Oct 25, 2018

Maggi Nutri-licious baked noodles with sweet corn

 
 
I stumbled upon yet another "healthy" variation of Maggi nutri-licious noodles in the supermarket a few days back. I had earlier written about atta noodles and oats noodles and why they aren't healthy as the brand claims. Do check it out if you haven't.

This new variation is called Maggi nutri-licious baked noodles with sweet corn. The target audience is clearly children looking at the image and the nutrition values are based on the RDA of a 8-year old child. This is the first time I'm seeing the nutrition facts based on a child's requirement. Though I'm happy about this change, the sodium % makes me question if the RDA values are correct.

(1) High Sodium
In a serving size of 60gm of baked noodles, the sodium quantity is 599.6mg. Do you see the Bata pricing tactic being employed here - 599.6mg? Why not call it out as 600mg?

The guideline daily amount % shown is 30%. If 600mg of sodium is 30%, then it implies that an average 8 year old child's guideline daily amount of sodium is around 2000mg. 

I couldn't figure out the daily amount guidelines for sodium as recommended by National Institute of Nutrition (NIN), Hyderabad. Will try to reach out to them to see if there are India specific guidelines and update here if I get any answers.

Meanwhile, using the data from American Heart Association (AHA), the recommended daily amount of sodium for 8+ year old kids and adults is 1500mg and the upper max limit is 2300mg.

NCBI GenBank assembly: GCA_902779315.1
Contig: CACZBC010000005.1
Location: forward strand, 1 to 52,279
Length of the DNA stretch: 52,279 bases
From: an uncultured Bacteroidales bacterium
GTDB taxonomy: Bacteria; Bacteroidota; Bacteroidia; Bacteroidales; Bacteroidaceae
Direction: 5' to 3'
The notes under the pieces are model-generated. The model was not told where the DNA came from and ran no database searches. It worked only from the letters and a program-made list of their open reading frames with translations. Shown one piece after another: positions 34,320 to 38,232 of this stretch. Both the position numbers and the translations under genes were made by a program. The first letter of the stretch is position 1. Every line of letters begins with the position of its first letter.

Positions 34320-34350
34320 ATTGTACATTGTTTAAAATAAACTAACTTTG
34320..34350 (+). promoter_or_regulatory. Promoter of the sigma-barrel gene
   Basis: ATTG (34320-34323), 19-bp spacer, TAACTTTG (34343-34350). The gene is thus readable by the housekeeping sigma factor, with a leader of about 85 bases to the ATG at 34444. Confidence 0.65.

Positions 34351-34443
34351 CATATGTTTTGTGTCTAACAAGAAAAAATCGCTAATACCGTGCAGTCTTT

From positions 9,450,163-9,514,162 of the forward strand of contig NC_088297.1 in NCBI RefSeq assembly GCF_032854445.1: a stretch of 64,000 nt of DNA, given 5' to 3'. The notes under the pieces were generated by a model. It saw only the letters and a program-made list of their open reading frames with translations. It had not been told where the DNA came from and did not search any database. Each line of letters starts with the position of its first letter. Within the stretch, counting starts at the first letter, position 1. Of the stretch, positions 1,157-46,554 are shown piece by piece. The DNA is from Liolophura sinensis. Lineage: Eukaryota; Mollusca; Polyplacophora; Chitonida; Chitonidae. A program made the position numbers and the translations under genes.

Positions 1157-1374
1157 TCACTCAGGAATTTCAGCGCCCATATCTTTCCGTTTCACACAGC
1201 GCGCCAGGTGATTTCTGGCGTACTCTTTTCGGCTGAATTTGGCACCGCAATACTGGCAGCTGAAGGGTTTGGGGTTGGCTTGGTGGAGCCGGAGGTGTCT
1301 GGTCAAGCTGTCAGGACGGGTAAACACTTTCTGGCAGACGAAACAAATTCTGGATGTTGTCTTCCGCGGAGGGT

So irrespective of whether it is baked, fried, atta, oats, corn or the regular noodles, one cannot deny the fact that all such noodle variants are HIGH in sodium. 

(2) Where's the corn?
The packaging imagery is filled with sweet corn kernels which is one of the favorite foods for most kids. But if you look at the ingredients, the dehydrated sweet corn is ONLY 4.5%. What should be the maximum value of a particular ingredient if the brand intends to use it as part of their branding? A brand adds 10% quinoa and calls it quinoa chips. Another brand uses 4.5% sweet corn and calls it noodles with sweet corn.There's no such regulations/guidelines in our country and brands misuse it big time.

(3) Low fat but still made with maida
Yes, the total fats are low compared to other variants, but the noodles cake is made with maida/refined wheat flour. Maida has no nutrition whatsoever, it spikes up the blood glucose levels which affects the pancreas in the long run.


(4) Where's the protein and fibre?
The brand mentions that this baked noodles is a source of protein and fibre in a child's diet. If you look at the nutrition facts, a single serving contains ONLY 4.6gm of protein and 2.5gm of fibre. Regular Maggi has slightly better protein and fibre, if you do a comparison.

(5) Flavor Enhancer
Though the noodles cake is baked, the tastemaker (masala pack) ingredients mostly remain the same, which includes flavor enhancer 635 - disodium ribonucleotides. I have written about this ingredient in my earlier post on Maggi Masala-ae-magic.

If you or your child crave Maggi, buy the regular variant once in a while. These supposedly "healthy" variants are a big sham and not worth consuming on a daily basis. 

What next? Quinoa variant? Ragi or any other millet variant? The same story will repeat itself. Add a teeny tiny percentage of these healthy grains, keep the rest of the ingredients same and position it as a healthy snack for kids/adults. This trend seems to be never ending, unless we as consumers stop falling for this trick.

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